Scotland has an internationally acclaimed 2012 homelessness commitment that will soon be disgraced if we do not commit the resources and support required to honour this ambition. We’ll implement all parts of the 2003 Homelessness Act, and protect housing and homelessness services from unnecessary cuts.

We’ll further restrict the Right to Buy, ensuring that social housing remains available as social housing. We’ll bring more empty homes back into use, using a mixture of grants, loans and strengthened legal powers for councils and social landlords to take over management of properties owned by irresponsible landlords. We’ll enhance the regulation of private sector landlords by introducing management standards.

Photo of tenements in Hyndland.

We’ll support local authorities who use prudential borrowing for housing investment, with new building to be delivered by a range of social landlords including housing associations and co-operatives.

We’ll begin a programme of investment in flats and tenements, funded by small grants and equity release loans, with a view to supporting energy efficiency, microrenewables, community heating systems, improved waste & recycling facilities, and conversion of back-court spaces for social use and food production.

I really appreciated students waiting to have a chat at the end of the hustings. There were really positive discussions about Green MSPs and their achievements, potential for electric cars and closure partnership working between Edinburgh and Glasgow, and development of renewable energy or energy efficiency initiatives within University buildings.

Tuesday, 26 April 2011

Priorities for asthma care

In my post box, there is a copy of the manifesto for children and young people with asthma. It provides a list of priorities decided by children and young people themselves and sets out a way forward which includes:-
  • recognition and awareness of asthma
  • all schools to create and implement a policy to support us, backed by an awareness raising campaign
  • to implement a set of consistent standards for asthma services
  • to increase the number of school nurses
  • school inspections should measure the performance of schools in supporting and including children with health conditions

There is evidence that smoke and fumes that come from vehicle exhausts are harmful to health. 62% of people with Asthma say that traffic fumes make their Asthma worse. I recognise that there is a need to address concerns about asthma in schools but also,increased measures are required to combat deaths caused by vehicle pollution. We must make investment into the buses and the Subway to improve services and reduce fares. This is positive action to reduce our pollution levels, improve the health and well-being of our citizens. We must assist the development of health promotion activity to reduce hospital admissions for children with asthma.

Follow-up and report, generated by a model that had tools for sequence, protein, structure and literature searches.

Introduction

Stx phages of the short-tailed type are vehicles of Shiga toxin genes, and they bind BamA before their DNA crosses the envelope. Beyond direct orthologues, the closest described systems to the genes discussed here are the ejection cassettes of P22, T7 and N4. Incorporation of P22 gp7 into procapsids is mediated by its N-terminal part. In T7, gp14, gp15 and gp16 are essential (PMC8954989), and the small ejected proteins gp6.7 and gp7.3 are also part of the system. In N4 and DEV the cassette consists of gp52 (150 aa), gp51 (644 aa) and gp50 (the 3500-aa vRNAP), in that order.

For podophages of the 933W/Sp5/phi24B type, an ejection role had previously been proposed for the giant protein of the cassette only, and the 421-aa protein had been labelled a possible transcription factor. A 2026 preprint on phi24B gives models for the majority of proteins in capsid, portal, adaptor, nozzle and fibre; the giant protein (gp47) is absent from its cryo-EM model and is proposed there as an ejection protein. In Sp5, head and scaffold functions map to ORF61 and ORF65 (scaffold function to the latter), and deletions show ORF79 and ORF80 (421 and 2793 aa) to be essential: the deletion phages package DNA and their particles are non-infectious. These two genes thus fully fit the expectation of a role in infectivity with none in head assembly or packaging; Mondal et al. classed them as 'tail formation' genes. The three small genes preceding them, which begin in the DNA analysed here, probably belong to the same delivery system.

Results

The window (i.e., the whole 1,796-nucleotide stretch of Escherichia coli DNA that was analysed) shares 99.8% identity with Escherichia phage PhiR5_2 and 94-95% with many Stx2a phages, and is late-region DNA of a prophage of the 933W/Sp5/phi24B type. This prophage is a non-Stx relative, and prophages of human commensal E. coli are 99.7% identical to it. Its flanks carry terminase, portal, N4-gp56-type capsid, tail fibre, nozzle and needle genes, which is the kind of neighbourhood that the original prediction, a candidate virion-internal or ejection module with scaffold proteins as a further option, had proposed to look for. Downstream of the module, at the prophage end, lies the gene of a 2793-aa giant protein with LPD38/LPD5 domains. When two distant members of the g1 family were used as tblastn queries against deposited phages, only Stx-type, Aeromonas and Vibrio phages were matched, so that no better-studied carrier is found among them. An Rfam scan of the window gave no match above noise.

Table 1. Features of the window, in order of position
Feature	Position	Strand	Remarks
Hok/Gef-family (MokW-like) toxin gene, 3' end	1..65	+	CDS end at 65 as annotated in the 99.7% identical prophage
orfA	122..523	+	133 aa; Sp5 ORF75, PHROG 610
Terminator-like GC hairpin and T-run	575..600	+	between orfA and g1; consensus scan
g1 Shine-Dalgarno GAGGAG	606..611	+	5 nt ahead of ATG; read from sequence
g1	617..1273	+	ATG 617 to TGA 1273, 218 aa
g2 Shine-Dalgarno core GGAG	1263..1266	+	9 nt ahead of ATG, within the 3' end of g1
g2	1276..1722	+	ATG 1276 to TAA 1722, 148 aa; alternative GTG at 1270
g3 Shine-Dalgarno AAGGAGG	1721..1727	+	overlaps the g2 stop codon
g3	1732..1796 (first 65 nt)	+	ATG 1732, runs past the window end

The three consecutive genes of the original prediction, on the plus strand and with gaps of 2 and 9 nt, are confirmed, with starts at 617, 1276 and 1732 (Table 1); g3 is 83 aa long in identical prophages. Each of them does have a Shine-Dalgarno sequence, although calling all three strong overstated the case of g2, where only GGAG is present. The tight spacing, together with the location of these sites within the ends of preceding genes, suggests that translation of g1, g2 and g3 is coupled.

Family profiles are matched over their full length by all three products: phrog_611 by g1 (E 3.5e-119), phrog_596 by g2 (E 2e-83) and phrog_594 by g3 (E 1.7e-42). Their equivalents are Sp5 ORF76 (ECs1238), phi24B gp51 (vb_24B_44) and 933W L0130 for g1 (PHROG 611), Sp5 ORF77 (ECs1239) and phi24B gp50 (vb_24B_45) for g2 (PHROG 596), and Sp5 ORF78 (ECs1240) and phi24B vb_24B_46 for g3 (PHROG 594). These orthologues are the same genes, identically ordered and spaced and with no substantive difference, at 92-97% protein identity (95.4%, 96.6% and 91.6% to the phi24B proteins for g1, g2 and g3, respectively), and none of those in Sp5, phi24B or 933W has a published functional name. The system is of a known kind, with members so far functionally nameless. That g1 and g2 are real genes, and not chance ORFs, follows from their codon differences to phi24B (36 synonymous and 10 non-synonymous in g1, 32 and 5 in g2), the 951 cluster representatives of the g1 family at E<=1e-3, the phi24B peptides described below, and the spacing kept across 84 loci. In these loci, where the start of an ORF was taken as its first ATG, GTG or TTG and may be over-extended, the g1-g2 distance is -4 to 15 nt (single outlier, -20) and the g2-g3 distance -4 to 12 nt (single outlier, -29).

Useful links

Research on Smoking, Asthma and Quality of Life  -

Monday, 25 April 2011

Time for Peace

This evening, I attended a gathering of Stop The War Coalition to hear people's views and Scotland's role on the international stage was debated.

Greens remain utterly committed to opposing the renewal of Trident. Weapons of mass destruction have no legitimate place either in Scotland or in global politics.

As long as the UK Government continues to operate a nuclear weapons system in Scotland we’ll make use of every power available, including the criminal law, planning, and environmental controls on sources of risk such as transportation of warheads. I have taken part in various protests and rallies in support of peace at Faslane and Aldermaston. There is a peace movement which has engaged effectively with the Scottish Parliament and I support efforts to enable this to continue.

Greens are backing aid and Fair Trade. We’ll commit to an increase in Scotland’s international development budget, as well as establishing a climate adaptation fund of £9 million per year for communities in developing countries.

Our Green vision for Europe is be based on the principle of mutual co-operation and the European Union must serve the needs of people, not multinational corporations.

The European Union can also do more to support emerging democracies, including across North Africa and the Middle East, by offering preferential trade deals. We will also work towards the elimination of the arms export industry, starting with an end to export to dictatorships.

We’ll support moves to build a coalition of countries and regions willing to adopt a policy of boycotts, disinvestment and sanctions in relation to the Israeli Government to encourage an end to illegal settlements and negotiations on a final status for a Palestinian state.

Useful Links:

Caroline Lucas MP Statement on Libya -

Saturday, 23 April 2011

What about our City of Culture?

The Glasgow Arts and Culture scene is flourishing and a place where you can drop in, and keep a track of what is going on, is the Centre for Contemporary Arts (CCA).